Calls are mounting for the European Commission to issue a non-compliance notice against Google over attempts to address complaints about its market dominance.
In June the commission found Google had abused its general search supremacy to illegally favour its own service over rival comparison shopping websites – landing it a €2.42bn (£2.1bn) fine.
Google is appealing against the ruling and said the concessions it has made meet the commission's requirements for equal treatment.
As a remedy, Google introduced an auction mechanism, allowing price comparison websites to bid for space in its "shopping box", which appears at the top of the results page when a user searches for a product.
However, evidence submitted to the commission by one of the original complainants, Foundem, has argued that this does not comply with the commission's prescribed equal treatment remedy.
It claims that without artificial constraints, Google Shopping could always outbid rivals because its own bids don't cost it anything.
A spokesman for the European Commission said it was closely and actively monitoring the implementation and effects of Google's measures.
"In January, we received Google's first monitoring report on the measures they have implemented. So far, only a very small number of rivals appear in Google's shopping box. In the first place, the key question for us is to find out why only such a small number of rivals appear in Google's shopping box."
Thomas Vinje, spokesman for FairSearch and head of the worldwide competition practice for law firm Clifford Chance, said: "I believe the reason for that is quite clear – competitors do not see they will achieve anything from the auction because of its nature."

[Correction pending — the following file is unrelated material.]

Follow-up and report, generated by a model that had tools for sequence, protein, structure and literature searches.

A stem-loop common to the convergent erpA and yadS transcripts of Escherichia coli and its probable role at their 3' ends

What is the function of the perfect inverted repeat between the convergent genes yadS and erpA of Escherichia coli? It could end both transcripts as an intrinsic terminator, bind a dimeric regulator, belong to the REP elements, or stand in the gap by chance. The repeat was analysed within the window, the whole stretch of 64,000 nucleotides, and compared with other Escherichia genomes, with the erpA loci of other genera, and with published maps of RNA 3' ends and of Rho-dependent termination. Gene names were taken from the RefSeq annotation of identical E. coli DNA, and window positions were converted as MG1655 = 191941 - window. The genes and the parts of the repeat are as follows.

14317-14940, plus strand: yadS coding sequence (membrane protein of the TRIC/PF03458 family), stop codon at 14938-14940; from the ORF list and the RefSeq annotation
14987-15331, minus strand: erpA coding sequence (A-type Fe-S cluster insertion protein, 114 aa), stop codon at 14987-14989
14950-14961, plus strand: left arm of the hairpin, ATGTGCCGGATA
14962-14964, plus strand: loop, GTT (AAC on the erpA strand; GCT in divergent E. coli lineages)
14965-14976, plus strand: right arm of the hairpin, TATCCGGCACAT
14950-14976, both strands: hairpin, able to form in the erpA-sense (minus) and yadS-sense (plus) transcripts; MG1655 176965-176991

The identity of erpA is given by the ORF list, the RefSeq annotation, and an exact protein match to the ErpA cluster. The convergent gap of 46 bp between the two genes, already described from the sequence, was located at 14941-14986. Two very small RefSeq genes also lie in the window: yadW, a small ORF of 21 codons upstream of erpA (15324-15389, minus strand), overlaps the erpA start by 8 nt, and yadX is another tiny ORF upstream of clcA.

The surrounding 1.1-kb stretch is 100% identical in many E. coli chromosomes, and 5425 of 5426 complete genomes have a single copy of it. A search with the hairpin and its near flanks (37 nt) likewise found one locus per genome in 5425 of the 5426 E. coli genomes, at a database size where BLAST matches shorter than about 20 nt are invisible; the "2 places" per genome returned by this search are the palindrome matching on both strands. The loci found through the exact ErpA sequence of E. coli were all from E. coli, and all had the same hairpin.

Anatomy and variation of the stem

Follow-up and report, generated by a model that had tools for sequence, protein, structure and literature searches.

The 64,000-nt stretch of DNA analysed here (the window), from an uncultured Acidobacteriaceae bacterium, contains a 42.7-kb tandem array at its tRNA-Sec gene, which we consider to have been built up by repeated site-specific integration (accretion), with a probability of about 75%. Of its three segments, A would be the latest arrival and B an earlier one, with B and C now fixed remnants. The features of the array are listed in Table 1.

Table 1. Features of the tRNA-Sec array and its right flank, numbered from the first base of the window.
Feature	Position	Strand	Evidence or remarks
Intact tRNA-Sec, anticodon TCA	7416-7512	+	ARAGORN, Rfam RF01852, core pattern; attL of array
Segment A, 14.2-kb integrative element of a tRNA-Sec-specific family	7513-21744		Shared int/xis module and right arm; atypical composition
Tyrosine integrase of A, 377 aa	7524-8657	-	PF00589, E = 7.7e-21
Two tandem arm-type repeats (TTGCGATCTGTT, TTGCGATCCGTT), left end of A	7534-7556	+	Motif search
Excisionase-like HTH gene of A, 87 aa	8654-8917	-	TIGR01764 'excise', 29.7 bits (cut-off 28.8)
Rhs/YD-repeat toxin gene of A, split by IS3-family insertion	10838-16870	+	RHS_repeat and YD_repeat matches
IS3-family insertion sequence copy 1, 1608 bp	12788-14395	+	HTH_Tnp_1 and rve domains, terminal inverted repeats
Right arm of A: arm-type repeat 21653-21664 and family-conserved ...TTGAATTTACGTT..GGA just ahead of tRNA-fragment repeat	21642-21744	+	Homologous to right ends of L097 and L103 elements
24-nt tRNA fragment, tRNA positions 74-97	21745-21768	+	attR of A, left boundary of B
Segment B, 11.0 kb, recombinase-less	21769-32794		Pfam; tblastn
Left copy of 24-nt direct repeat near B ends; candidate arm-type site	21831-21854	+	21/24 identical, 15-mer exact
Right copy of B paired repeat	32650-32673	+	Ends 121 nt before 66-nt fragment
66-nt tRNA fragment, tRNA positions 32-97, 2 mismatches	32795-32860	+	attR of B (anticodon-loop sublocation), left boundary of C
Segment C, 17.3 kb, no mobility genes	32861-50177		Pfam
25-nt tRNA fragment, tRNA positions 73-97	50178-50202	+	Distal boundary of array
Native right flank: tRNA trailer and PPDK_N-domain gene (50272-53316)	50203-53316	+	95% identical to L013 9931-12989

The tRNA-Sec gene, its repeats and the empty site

He said a convincing case has been made that Google is giving an appearance of equal treatment without actually doing so. "It is not achieving equal treatment, particularly in the sense that Google is taking money from one pocket and putting it into another. In that sense it could be deemed as non-compliant."
If the commission does issue a non-compliance notice, that could result in significant further fines for the ad flinger.
Thomas Höppner, partner at German law firm Hausfeld, which represents several of the search complainants, claimed Google's remedy fails to present consumers with relevant results on the basis of their searches.
"Instead of showing the cheapest offers and best products, the mechanism creates the incentive for companies to display most expensive products with the highest profit margins [because that makes them the most attractive bid to Google]."
A commission mouthpiece said it will require some time to establish the facts behind poor take-up of the auction service.
"Google's next monitoring report is due in May. We will not remain idle in the meantime: we are working with KPMG and Mavens, the experts who are assisting us, to make sure we have the necessary inputs for our monitoring. We are also in ongoing exchanges on the operation of Google's measures with Google and other market participants.
"In short, this issue will stay on our desks for some time to come and continues to be a top priority for us."
The Register has contacted Google for a comment. ®